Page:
Microsoft, the world's largest software maker, is racing to solve a flaw in its internet browser that may allow hackers access to computer systems.
Microsoft has had to fix problems with its software before
The net security watchdog, the Computer Emergency Readiness Team (Cert) has issued a warning, saying there were signs it was being exploited.
Problems arise when a user unknowingly clicks on a bogus web link, triggering a download of software.
Malicious hackers could then have access to data and files on the PC.
The danger lies in the fact that the links can be disguised to look like bona fide URLs and the software is installed without raising any alarms.
The US's Computer Emergency Readiness Team has issued a warning about the problem late on Friday.
"Publicly available exploit code exists for this vulnerability, and US-Cert has monitored incident reports that indicate that this vulnerability is being actively exploited.," it said in a statement.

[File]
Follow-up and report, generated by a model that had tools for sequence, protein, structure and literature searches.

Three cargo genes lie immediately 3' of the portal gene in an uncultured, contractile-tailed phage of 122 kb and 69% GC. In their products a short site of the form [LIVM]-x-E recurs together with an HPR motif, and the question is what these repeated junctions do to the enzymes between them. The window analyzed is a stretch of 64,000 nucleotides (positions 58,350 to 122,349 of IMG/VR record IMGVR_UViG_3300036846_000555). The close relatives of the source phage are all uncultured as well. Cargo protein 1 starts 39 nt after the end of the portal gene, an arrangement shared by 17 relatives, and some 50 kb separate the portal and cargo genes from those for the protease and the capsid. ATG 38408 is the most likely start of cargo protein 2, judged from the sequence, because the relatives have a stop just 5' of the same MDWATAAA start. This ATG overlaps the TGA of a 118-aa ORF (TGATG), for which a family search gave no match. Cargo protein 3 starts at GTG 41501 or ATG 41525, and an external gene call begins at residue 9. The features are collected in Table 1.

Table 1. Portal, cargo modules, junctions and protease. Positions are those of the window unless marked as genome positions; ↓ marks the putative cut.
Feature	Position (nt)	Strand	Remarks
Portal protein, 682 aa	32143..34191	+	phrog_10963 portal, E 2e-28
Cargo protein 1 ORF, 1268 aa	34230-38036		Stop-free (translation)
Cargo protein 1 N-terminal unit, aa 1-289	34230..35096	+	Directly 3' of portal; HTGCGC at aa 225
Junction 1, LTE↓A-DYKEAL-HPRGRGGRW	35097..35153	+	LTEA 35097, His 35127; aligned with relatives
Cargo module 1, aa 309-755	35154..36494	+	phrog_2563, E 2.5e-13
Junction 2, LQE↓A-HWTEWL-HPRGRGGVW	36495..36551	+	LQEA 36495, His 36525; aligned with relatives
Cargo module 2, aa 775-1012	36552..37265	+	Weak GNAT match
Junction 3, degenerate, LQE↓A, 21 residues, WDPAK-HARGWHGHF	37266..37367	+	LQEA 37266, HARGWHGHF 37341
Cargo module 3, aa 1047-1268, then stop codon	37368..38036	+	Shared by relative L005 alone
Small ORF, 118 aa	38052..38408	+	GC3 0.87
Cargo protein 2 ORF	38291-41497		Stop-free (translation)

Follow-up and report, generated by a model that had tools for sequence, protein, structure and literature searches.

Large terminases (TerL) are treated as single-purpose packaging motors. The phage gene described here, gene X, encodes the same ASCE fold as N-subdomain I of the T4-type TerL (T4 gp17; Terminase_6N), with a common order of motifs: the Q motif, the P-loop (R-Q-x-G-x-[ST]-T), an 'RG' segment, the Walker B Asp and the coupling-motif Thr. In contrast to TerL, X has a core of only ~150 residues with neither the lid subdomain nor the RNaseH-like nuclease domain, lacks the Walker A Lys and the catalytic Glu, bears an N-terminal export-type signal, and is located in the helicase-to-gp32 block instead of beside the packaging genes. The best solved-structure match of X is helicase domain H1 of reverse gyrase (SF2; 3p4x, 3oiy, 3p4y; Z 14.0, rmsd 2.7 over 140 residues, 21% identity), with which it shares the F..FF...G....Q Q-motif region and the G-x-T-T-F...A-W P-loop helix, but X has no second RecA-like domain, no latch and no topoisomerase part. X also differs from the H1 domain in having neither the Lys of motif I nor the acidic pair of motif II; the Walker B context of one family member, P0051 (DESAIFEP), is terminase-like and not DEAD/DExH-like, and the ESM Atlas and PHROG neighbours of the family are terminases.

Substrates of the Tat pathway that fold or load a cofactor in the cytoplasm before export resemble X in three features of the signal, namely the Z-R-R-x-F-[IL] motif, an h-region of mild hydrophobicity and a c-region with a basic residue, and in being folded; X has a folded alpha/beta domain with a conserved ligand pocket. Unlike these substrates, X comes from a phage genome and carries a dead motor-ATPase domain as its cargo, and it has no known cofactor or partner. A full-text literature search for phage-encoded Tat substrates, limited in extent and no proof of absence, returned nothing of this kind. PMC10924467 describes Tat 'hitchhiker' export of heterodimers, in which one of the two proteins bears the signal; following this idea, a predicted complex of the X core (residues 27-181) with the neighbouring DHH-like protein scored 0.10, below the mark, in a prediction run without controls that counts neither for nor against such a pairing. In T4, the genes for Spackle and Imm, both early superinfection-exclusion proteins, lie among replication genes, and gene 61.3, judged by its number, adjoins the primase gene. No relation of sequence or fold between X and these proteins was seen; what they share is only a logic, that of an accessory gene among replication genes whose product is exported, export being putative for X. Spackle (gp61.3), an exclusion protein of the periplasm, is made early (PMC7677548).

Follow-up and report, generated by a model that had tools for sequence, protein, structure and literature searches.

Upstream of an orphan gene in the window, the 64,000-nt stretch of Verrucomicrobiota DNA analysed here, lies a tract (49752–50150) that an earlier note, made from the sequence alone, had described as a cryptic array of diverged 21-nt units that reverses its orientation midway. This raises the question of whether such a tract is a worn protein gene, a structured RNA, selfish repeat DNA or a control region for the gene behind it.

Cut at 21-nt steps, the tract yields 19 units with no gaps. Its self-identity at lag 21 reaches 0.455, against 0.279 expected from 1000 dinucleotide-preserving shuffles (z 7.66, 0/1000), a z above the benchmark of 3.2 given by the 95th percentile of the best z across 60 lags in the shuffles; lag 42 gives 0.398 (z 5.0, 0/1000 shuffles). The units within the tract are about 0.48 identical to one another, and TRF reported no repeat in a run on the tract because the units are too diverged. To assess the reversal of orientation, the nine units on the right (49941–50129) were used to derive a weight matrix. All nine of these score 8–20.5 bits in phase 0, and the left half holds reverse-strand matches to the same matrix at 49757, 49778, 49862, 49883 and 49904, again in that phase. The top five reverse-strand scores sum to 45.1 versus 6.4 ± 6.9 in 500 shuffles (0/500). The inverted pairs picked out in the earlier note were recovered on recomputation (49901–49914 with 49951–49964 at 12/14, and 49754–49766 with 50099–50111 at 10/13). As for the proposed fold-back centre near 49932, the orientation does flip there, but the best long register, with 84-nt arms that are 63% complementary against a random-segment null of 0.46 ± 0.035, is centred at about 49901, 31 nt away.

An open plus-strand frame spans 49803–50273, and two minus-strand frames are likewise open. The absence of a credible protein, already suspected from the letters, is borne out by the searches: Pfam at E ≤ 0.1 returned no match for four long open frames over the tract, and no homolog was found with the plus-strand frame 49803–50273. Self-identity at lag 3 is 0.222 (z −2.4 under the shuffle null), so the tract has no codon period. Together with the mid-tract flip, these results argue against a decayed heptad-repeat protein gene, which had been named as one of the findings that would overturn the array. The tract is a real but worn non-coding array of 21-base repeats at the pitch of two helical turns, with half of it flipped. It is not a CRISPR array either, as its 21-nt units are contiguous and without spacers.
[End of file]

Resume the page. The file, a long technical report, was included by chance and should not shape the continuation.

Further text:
Microsoft's Windows software runs on about 90% of the world's desktop computers.
The company said it hoped to have the problem sorted before its monthly release of security updates.
Since the beginning of 2004, Microsoft has released 17 security warnings.
This compares to 51 issued last year, of which 20 were classified as the highest category of threat.
While it works on a fix to the problems with Internet Explorer, Microsoft is recommending that web surfers adopt so-called "safe browsing" practices.